Three key research applications of dome-loaded back pressure regulators
Catalysis research often involves challenging conditions such as microflow rates, aggressive and two-phase chemistry, high temperatures, and high pressures. Three case studies demonstrate the advantages of dome-loaded back pressure regulators for catalysis applications, including their ability to process two-phase flow, capability for high temperatures, ultra wide flow rate window and compatibility with aggressive chemicals.
Aerospace & Defense Technology April 2014
Application brief: vacuum regulators to simulate altitudes - p. 44
Testing oxygen generating systems presents unique challenges due to the high flow rates created by aircraft systems, the complexity of sinusoidal breathing, and the life-and-death importance of a reliable system. This case study explains how Equilibar’s patented vacuum technology proves up to the challenge.
WaterWorld February 2014
A dose of precision
To address a flow-control problem that was preventing consistent dosing for water sanitation, a municipal water supply system determined that an Equilibar regulator could both stabilize and expand the range of control. Equilibar BPRs incorporate a dome-loaded design and use dozens of parallel orifices sealing on a supple diaphragm to better maintain pressure stability.
Flow Control Magazine December 2013
High performance pressure regulation
The US Navy’s Altitude Laboratory at the Naval Air Warfare Center is used to support both military fighter pilots and astronauts by assuring that their masks and life support systems are flight ready. Researchers there successfully used Equilibar’s novel back-pressure and vacuum regulators in an application that requires stable pressure across flow rate changes of up to 1,000 to 1.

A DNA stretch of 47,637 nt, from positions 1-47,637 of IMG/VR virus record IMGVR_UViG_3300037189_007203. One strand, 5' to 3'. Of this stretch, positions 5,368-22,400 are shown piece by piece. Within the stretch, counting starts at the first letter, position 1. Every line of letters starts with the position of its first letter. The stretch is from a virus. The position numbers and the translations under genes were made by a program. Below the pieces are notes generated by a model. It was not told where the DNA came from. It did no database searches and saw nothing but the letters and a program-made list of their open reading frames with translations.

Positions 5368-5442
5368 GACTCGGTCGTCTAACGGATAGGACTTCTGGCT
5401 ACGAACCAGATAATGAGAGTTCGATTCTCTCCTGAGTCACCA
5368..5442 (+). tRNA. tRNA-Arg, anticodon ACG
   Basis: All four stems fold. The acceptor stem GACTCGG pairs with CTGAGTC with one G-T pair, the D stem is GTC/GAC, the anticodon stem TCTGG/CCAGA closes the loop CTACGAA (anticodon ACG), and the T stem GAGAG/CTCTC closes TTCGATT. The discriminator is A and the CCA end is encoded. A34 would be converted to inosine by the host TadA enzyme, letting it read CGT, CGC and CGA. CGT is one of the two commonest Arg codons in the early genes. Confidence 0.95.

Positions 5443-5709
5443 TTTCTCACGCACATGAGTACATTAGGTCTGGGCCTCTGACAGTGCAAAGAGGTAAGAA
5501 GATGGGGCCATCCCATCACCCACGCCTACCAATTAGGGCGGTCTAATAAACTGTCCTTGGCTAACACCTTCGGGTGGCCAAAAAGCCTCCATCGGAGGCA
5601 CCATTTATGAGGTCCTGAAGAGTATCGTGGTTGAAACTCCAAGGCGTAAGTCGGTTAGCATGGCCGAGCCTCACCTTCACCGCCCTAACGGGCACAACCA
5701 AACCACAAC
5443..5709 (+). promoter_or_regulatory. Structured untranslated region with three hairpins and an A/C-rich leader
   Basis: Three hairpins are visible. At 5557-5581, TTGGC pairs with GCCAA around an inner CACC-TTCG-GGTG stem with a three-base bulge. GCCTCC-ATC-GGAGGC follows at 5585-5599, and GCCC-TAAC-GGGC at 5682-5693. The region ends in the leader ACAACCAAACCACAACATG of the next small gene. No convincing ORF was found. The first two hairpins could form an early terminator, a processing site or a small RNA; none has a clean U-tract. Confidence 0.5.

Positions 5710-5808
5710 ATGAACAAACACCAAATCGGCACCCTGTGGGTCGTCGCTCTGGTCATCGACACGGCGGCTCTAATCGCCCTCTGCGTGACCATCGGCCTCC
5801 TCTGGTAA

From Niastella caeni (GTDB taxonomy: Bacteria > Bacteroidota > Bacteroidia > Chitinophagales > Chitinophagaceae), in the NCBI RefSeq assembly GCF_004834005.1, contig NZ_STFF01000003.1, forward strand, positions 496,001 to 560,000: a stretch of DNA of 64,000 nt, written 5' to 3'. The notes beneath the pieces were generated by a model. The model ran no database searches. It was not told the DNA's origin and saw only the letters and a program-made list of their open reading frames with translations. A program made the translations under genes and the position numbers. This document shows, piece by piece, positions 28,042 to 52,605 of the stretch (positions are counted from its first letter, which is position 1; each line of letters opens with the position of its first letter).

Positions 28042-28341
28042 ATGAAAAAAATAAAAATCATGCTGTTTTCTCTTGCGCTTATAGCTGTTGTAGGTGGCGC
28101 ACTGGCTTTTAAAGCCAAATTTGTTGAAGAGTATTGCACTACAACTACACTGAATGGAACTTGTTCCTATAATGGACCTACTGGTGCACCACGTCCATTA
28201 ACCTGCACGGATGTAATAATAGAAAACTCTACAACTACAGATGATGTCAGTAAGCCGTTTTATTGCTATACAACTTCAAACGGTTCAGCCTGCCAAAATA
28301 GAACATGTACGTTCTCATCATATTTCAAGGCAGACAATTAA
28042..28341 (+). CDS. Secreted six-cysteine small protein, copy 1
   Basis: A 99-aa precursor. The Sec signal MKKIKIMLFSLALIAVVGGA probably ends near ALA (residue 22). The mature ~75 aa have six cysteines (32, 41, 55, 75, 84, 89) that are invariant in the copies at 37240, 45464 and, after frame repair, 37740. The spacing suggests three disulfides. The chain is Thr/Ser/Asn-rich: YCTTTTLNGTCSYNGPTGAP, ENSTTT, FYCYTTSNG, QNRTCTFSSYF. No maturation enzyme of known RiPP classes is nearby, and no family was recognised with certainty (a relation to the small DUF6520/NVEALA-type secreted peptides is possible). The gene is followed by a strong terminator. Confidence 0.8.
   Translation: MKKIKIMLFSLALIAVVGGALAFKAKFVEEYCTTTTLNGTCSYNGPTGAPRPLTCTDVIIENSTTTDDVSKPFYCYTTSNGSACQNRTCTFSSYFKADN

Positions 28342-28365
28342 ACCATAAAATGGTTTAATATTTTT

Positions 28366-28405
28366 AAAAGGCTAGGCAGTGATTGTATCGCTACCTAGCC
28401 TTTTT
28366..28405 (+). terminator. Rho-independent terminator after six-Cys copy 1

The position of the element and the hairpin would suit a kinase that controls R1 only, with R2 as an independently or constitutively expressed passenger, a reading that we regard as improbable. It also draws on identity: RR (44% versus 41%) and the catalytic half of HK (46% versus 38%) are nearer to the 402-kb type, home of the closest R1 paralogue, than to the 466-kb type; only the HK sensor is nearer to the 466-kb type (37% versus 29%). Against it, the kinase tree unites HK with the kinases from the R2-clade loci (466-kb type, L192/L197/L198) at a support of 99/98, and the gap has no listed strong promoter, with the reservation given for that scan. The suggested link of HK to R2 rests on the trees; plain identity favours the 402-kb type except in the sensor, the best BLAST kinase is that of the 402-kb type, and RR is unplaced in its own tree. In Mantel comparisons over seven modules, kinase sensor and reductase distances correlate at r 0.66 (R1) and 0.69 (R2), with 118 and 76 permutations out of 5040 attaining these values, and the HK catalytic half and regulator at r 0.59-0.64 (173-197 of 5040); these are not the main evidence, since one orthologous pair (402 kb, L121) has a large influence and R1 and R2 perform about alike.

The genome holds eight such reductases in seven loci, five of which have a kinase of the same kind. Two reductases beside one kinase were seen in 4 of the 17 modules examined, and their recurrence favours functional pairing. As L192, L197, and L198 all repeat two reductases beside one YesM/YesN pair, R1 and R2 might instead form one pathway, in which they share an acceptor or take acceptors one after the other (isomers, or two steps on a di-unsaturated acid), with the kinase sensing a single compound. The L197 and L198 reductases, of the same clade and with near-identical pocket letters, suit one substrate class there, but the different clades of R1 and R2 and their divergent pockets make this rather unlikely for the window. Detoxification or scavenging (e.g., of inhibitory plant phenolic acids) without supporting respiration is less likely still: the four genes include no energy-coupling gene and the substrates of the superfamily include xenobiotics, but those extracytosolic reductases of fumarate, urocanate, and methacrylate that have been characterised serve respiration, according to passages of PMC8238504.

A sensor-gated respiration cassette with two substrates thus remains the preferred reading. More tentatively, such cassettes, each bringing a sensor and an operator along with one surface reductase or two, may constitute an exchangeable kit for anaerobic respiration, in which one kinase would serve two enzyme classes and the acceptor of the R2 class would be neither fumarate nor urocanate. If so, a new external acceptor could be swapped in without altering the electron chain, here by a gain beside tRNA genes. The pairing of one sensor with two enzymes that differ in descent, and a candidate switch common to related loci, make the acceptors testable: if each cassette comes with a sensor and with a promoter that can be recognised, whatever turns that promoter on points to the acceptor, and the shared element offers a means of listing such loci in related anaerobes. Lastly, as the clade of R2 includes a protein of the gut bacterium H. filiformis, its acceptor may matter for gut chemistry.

Cold Facts Winter 2012
Cryogenic temperature stabilization of the Daikin 308 Cryocooler
The Equilibar Back Pressure Regulator played a key role in a study conducted by The Harvard-Smithsonian Center for Astrophysics. The BPR was used to stabilize cryogenic temperatures by controlling helium gas pressure in the range of 4 degrees Kelvin. The study reported an increase in temperature stability of 66 percent.
Flow Control Magazine June 2012
Understanding when and how mass flow meters need to be calibrated
Thermal mass flow meters and mass flow controllers are widely used in situations requiring precise control of gas flow rate. Accepted good practice is to control the outlet pressure of mass flow meters in the same range as the application pressure. This article describes how a sensitive dome-loaded back pressure regulator can improve quality and efficiency.
Flow Control Magazine March 2011
Low and ultra-low pressure control
System designers often face a tricky decision about the best way to control extremely low pressures that may be encountered in applications such as tank blanketing, tubing die extrusion control and product integrity testing. This article describes several traditional and emerging pressure control methods in the low-pressure range.